Logistic regression analysis adjusted for age, gender, and BMI shows a significant association between the E23K variant and T2DM (OR = 1.6, 95% CI = 1.14–2.27, and ) (Table 2). The E23K variant increased the risk of T2DM in the additive model (EE versus KK, OR = 3.68, 95% CI = 1.28–10.58, and ), in the dominant model (OR = 1.61, 95% CI = 1.07–2.42, and ), and in the recessive model (OR = 3.23, 95% CI = 1.13–9.21, and ) (Table 2).

3.2. Association of E23K Variant with Quantitative Traits

When examining the association between the E23K variant and various T2DM-related quantitative traits (fasting plasma glucose, BMI, total cholesterol, triglycerides, HDL-C, systolic blood pressure, diastolic blood pressure, and low density lipoprotein-cholesterol (LDL-C)) among T2DM group, control group, and the overall sample, fasting plasma glucose values were found to differ significantly across the E23K genotypes in T2DM and in the pooled sample, and , respectively (Table 3). Fasting plasma glucose levels were higher in subjects with the EK genotype (12.49 ± 4.13) than in those with the KK (10.81 ± 4.48) and EE genotypes (11.03 ± 3.89) in T2DM group. When considering the overall sample, a different tendency was observed and fasting plasma glucose levels were higher in subjects with the KK genotype (9.54 ± 4.53) than in those with the EK (9.32 ± 4.81) and EE genotypes (7.93 ± 3.93). However, no significant differences were observed between genotypes and groups for BMI, total cholesterol, triglycerides, HDL-C, systolic blood pressure, and diastolic blood pressure.

PhenotypeT2DM groupANOVA*Control groupANOVA*T2DM and control subjectsANOVA*
EEEKKK valueEEEKKK valueEEEKKK value

Fasting plasma glucose (mmol/L) 0.04 0.13 0.03
Mean BMI (kg/m2) 0.95
Total cholesterol (mmol/L) 0.88 0.39 0.89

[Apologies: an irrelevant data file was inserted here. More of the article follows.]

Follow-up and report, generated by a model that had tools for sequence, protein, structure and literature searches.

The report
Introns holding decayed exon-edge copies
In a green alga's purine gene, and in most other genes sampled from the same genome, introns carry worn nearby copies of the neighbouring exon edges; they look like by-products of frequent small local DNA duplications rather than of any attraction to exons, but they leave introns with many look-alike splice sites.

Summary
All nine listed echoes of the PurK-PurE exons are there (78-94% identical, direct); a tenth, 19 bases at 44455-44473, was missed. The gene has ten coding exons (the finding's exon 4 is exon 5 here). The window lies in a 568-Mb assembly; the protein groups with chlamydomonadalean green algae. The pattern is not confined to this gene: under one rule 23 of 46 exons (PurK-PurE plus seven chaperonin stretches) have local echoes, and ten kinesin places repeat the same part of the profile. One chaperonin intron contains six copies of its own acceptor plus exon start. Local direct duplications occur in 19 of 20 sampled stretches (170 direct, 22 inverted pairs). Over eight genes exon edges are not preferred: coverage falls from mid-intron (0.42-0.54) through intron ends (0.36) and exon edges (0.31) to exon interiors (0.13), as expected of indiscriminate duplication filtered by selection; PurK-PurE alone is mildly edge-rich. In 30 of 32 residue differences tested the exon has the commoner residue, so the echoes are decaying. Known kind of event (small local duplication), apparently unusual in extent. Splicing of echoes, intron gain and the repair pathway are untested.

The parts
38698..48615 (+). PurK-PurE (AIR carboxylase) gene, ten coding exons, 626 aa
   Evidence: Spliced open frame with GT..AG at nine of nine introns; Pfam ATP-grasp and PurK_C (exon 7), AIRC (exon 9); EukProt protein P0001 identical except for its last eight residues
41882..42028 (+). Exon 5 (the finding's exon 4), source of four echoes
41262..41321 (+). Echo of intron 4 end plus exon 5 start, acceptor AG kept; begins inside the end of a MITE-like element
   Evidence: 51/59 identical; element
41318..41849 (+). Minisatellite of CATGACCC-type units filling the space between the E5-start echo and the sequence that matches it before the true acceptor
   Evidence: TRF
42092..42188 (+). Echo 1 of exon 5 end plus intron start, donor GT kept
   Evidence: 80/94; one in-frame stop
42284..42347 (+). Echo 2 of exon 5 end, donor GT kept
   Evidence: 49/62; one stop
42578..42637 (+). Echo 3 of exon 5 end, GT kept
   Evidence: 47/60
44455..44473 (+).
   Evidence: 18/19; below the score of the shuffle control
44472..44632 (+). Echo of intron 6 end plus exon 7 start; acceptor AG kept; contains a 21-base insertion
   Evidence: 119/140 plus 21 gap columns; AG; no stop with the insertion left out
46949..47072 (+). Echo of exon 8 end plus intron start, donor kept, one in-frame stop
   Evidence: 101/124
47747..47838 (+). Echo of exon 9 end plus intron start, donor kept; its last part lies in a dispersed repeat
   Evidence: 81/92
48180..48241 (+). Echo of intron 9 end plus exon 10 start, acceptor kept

Triglycerides (mmol/L) 0.85 0.7 0.69
HDL-cholesterol (mmol/L) 0.95 0.23 0.26
Systolic blood pressure (mmHg) 0.98 0.34 0.52
Diastolic blood pressure (mmHg) 0.25 0.53 0.32
LDL-cholesterol (mmol/L) 0.10 0.20 0.83

Values are mean ± standard deviation. *ANOVA was used to compare geometric mean levels of continuous characteristics across genotypes. P value of Kruskal-Wallis test for unequal variance.

Multiple regression analyses were performed to assess the independent contribution of the statute (presence or absence of T2DM), the age, the gender, and the BMI to fasting plasma glucose. E23K genotype of the KCNJ11 gene was found to be independently related to fasting plasma glucose levels under a dominant model: fasting plasma glucose explained 65% () of the E23K variability of E23K (Table 4).

Dependent variableIndependent variablesStand beta*   value

Fasting plasma glucose (mmol/L)KCNJ11 E23K genotype0.652.170.031
T2DM (presence or absence)6.4321.65

Stand beta standardized beta-coefficient; -statistic; value for the -statistic.
3.3. Tunisian Meta-Analysis

We first pooled overall effects of the E23K variant and T2DM risk of 1720 Tunisian patients and 1105 control subjects from the current study with the one from Central East Tunisia of Mtiraoui et al. [20]. The pooled OR for allelic frequency comparison suggested that the E23K variant is significantly associated with an increased T2DM risk: OR = 1.29, 95% CI = 1.15–1.46, , , and % (fixed effects) (Figure 1). Begg’s test showed that there is no publication bias for E23K variant ().

3.4. Arab Meta-Analysis

We extended the analysis to Arab populations and performed a meta-analysis of the E23K variant on 3156 T2DM patients and 2493 controls. For this purpose, we have added results from a Saudi study realized in 2007 [21], the Lebanese participants of the Mtiraoui et al. study [20], and a recent Mauritanian study [22] to the two previous Tunisian samples.

The pooled OR for allelic frequency comparison suggested that the E23K variant is significantly associated with an increased T2DM risk: OR = 1.33, 95% CI = 1.13–1.56, , , and % (random effects) (Figure 2). Egger’s test showed that there is no publication bias (Egger’s test) for E23K variant ().

4. Discussion

In the present study, we sought to replicate the association of the E23K variant in KCNJ11 gene identified in the aforementioned studies [6, 9, 10, 2022] with T2DM in an independent Tunisian case-control sample. We validated the positive association between E23K and T2DM in the Tunisian population with an increased risk of 1.6. Interestingly, T2DM subjects with the EK genotype had more severe hyperglycemia than subjects with EE or KK. Likewise, controls carrying the KK genotype had the highest fasting plasma glucose level, suggesting genotype-phenotype correlation as reported by Schwanstecher et al. [23]. In the former study, the heterozygous (EK) and homozygous (KK) state of E23K variant promote the development of T2DM by increasing the ATP concentration threshold that induces both pancreatic β-cells KATP channels overactivity and insulin secretion inhibition [23]. Nielsen et al. [10] have also reported the association of E23K variant with decreased levels of insulin secretion in nondiabetic individuals.